Queen Street Mill is the only surviving steam-powered cotton mill in the world. Visitors can see live demonstrations of the steam engine, boiler and looms.
The museum holds numerous events throughout the year including historical re-enactments, concerts, fashion shows, exhibitions, and workshops.
The interior of the mill has been amended from the original design to allow it to work as a museum. The weaving shed is significantly smaller and contains only 308 looms, though they are still powered by the original engine.
In November 2010 Peace received an Engineering Heritage Award from the Institution of Mechanical Engineers.
Appearances in Film and TV
In December 2009 Colin Firth and Helena Bonham Carter spent a full day filming a scene here for the box office hit The King’s Speech. The historical drama about King George VI went on to win four Oscars, seven BAFTAs (including best film) and one Golden Globe award.
The scene shot at Queen Street shows the young king struggling to deliver a speech to northern mill workers. Several museum staff members were employed as extras in the film.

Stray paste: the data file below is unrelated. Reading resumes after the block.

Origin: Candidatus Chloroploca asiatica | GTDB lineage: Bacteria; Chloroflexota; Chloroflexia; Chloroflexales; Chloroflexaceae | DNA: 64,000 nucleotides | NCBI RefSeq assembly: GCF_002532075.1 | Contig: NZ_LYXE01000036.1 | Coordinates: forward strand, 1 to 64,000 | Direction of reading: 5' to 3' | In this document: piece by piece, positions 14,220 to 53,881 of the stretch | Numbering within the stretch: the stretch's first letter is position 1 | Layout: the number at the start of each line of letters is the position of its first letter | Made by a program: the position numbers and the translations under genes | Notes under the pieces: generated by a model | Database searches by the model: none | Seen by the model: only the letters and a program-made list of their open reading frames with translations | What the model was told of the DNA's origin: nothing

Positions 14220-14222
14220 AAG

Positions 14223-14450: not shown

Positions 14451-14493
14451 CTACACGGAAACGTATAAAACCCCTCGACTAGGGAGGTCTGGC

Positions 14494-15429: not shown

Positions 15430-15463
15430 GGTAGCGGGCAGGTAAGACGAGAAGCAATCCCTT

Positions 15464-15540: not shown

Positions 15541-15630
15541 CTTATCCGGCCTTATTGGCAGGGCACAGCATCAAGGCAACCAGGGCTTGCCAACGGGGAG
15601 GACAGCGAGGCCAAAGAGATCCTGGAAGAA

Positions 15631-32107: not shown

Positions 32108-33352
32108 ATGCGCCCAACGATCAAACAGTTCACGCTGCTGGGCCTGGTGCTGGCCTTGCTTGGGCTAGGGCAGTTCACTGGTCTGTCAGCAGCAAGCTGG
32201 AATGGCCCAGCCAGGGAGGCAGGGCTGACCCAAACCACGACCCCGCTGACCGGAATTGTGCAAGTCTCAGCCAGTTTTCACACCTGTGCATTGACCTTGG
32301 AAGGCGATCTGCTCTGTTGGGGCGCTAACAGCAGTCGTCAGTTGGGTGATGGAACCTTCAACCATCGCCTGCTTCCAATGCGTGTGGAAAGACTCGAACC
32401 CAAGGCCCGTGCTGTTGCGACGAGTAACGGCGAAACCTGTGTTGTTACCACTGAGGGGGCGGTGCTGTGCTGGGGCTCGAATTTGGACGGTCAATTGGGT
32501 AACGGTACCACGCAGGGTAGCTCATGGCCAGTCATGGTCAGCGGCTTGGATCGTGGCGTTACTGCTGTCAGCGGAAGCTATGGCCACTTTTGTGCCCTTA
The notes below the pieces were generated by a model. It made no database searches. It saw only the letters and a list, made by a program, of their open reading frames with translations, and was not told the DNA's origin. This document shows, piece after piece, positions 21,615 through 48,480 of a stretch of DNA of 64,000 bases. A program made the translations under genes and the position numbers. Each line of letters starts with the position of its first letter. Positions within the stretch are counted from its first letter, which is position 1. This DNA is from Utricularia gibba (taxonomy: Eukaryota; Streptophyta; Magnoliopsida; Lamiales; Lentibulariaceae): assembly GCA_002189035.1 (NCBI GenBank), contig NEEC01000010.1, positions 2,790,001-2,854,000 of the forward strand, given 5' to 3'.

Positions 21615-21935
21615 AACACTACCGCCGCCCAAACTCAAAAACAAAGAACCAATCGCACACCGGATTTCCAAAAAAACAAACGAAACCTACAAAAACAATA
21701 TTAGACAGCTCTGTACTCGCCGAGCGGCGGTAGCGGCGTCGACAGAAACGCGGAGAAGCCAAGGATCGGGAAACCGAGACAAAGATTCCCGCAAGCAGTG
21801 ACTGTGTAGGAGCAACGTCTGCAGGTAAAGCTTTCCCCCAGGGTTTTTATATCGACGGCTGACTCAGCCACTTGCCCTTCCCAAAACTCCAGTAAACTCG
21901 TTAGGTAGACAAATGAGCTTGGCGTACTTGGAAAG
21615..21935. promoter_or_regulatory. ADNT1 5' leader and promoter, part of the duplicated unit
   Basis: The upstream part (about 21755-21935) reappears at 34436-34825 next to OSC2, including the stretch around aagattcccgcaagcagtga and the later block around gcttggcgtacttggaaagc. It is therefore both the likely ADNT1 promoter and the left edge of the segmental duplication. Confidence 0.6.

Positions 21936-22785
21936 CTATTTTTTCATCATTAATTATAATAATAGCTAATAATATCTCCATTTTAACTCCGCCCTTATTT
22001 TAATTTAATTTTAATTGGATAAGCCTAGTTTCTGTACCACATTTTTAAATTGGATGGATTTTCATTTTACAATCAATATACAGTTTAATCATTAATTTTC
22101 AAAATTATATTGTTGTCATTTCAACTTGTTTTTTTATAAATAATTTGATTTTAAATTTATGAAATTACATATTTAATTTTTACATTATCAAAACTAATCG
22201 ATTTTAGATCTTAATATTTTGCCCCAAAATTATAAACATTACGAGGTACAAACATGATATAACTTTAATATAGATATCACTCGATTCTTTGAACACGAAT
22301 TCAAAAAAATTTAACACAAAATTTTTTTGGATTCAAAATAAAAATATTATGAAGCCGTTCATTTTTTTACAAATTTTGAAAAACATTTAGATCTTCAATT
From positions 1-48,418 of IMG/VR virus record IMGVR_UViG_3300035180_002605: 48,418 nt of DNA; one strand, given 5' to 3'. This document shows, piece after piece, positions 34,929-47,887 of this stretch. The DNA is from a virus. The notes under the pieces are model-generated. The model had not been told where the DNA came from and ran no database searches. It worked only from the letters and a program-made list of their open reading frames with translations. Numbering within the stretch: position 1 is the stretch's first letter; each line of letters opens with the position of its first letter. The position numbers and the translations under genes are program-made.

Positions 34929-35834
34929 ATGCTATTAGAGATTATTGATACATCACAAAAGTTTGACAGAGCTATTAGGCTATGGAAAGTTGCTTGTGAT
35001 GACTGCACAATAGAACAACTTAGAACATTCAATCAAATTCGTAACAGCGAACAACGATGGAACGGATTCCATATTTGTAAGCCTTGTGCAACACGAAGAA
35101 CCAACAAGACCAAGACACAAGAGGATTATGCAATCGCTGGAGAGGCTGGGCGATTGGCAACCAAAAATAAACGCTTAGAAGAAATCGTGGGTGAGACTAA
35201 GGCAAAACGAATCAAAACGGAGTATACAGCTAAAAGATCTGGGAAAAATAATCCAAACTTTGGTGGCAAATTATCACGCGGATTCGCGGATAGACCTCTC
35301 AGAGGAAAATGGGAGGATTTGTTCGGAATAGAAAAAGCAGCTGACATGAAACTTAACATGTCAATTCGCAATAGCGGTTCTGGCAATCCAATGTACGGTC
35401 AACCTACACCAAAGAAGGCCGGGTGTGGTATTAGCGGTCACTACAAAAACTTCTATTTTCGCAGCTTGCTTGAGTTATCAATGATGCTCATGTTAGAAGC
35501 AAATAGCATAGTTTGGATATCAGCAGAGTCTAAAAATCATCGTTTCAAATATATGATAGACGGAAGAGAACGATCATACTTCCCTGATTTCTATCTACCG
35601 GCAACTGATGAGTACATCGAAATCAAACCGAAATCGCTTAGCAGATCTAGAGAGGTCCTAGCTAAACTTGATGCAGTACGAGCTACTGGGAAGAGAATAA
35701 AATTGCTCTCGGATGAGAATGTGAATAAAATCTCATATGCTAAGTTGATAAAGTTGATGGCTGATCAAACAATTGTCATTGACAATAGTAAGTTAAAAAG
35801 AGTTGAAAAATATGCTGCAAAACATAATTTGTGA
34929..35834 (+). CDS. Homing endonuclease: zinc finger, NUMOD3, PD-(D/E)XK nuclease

In his entry in the Queen Street’s visitor book, Colin Firth describes the mill as a ‘thing of beauty’.
Queen Street Mill has also featured in the BBC dramas Life on Mars and North and South.
Facilities include a gift shop, restaurant, and toilets with baby changing area.
Queen Street Mill is open from 12 to 5 pm Tuesdays to Saturdays between May and September. It is also open in March, April, and October but with reduced hours. For exact timings visit the official website.
The museum closes for the winter so service work can be performed on the machinery.
Entry to the museum is free for children and adults resident in Burnley. Admission for adults living outside the area costs £3.
Queen Street Mill is located in Harle Syke, Briercliffe, around 2 miles north east of Burnley town centre. Visitors using sat nav should note that the postcode for Queen Street Mill is BB10 2HX. Free onsite carking is available.
The Queen Street Mill Manufacturing Company was founded in 1894 as workers cooperative. The Queen Street Mill was completed the following year and equipped with 900 looms, powered by a single Lancashire boiler and a steam engine built by W Roberts & Sons of Nelson
A second boiler was added in 1901. The steam engine was originally named Prudence but was renamed Peace following the end of WWI.
The cooperative never possessed sufficient finance to invest in modern machinery, so the original equipment was never replaced.
The mill closed in 1982. It was purchased by Burnley Borough Council in 1983 and reopened as a working heritage museum in 1986. In 1997 it was taken over by Lancashire County Council.
Map showing location of Queen Street Mill Textile Museum.
Queen Street Mill Textile Museum
Address and postcode